- U.S. bank executives and investors expect a long-term boost from the new federal tax code.
- First, however, banks will need to book multibillion-dollar charges that will muddle fourth-quarter results.
- Analysts say the overall benefit from lower taxes will make up for any short-term hit.
U.S. bank executives and investors expect a long-term boost from the new federal tax code, but the biggest lenders will first need to book multi-billion-dollar charges that will muddle fourth-quarter results.
Banks will adjust deferred tax assets and liabilities to account for a lower corporate rate, and also take charges related to other tax changes. But analysts said the overall benefit from lower taxes will make up for any short-term hit.
JPMorgan Chase which reports first on Friday morning, could show a 35 percent plunge in net income from a year earlier. Bank of America, which reports the following Wednesday, could show a 50 percent drop.
"It is no doubt going to be a messy quarter," said Jason Goldberg, bank stock analyst at Barclays.
Citigroup is expected to take a $20 billion charge, largely because its losses during the 2007-2009 financial crisis will offset future taxes less now that the corporate tax rate has been cut to 21 percent from 35 percent.
Goldman is expected to take a $5 billion charge, mostly due to a new repatriation tax on income kept outside of the United States.
Meanwhile, banks with deferred tax liabilities will be able to write those down thanks to the lower tax rates.
In an extreme case, Wells Fargo is expected to report a $2.5 billion boost to its bottom line largely because it will owe less tax in the future on income from a set of businesses including mortgage servicing.
But most analysts and institutional investors brush aside big one-time items, viewing them as accounting charges that reveal little about underlying financial performance or future profits.
Instead, they are confident that big banks will be largely better off from paying a lower tax rate. Still, just how much each bank will benefit will vary based on where they earn their income.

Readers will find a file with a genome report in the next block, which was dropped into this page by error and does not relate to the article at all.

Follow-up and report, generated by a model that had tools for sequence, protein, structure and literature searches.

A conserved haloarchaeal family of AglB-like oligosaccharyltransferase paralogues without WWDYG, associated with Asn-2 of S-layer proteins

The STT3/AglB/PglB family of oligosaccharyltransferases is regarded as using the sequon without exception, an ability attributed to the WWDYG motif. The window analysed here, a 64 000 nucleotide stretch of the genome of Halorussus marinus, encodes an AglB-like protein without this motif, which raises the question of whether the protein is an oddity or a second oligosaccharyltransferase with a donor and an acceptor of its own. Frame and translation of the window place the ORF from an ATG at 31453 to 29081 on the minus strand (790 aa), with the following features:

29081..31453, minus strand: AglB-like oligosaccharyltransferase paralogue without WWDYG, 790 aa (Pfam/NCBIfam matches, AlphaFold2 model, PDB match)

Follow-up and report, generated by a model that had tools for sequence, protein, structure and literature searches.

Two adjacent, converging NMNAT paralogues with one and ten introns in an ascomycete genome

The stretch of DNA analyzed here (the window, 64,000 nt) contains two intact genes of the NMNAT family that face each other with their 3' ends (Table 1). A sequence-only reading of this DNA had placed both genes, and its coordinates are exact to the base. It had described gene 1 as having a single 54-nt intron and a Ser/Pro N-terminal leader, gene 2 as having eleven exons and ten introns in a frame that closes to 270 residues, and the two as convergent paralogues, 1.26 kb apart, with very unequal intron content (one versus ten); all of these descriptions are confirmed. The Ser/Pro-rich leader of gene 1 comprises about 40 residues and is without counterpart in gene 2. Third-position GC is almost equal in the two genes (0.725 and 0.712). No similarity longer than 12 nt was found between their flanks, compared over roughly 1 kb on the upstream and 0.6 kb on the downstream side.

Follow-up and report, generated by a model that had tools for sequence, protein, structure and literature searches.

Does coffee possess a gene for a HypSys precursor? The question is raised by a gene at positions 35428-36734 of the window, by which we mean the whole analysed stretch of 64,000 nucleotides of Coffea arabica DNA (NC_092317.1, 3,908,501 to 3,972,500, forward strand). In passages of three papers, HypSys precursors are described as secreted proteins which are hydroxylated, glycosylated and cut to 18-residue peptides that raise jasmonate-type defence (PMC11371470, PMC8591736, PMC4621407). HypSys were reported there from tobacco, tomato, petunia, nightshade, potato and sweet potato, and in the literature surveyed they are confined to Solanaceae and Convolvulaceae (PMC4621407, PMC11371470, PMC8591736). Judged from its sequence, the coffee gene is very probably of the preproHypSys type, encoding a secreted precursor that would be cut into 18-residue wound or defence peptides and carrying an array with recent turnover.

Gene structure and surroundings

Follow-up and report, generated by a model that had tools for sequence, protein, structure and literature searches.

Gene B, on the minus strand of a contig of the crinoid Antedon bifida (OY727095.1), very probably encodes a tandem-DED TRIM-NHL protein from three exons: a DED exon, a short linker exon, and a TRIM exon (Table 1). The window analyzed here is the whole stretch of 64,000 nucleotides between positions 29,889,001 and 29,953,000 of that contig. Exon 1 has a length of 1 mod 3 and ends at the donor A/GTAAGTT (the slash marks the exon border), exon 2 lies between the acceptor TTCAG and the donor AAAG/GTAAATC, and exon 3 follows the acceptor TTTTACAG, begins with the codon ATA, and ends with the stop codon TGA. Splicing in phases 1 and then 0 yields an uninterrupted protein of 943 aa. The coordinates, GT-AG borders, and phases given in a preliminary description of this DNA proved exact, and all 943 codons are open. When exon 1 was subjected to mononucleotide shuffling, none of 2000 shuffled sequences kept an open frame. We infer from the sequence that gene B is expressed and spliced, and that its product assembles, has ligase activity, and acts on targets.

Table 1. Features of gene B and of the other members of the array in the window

Bank of America could earn $4.5 billion, or 19 percent, more in 2019 than it would have without the lower rates, said Keefe, Bruyette & Woods analyst Brian Kleinhanzl. That would more than cover an expected $3 billion fourth-quarter charge.
But Citigroup might get a profit pickup in 2019 of only $1.7 billion, or 11 percent, Kleinhanzl said. That would be far less than the $19.7 billion he expects in total fourth-quarter charges.
Bank of America earns about 90 percent of its income in the United States, according to estimates by analyst Richard Ramsden of Goldman Sachs. Citigroup, meanwhile, has been getting only about 50 percent of its earnings at home, so will not benefit as much from lower U.S. tax rates.
Analysts plan to push executives in conference calls for clues about whether investors will benefit as much as they hope.
Banks could provide a boon by putting more money toward stock buybacks and dividends. But there is worry they will be too quick to shift those dollars towards trying to beat competitors with lower prices on loans and better services for customers.
"Banks benefit from a lower corporate tax rate," said Barclays' Goldberg, "but what will they do (with the extra money)?"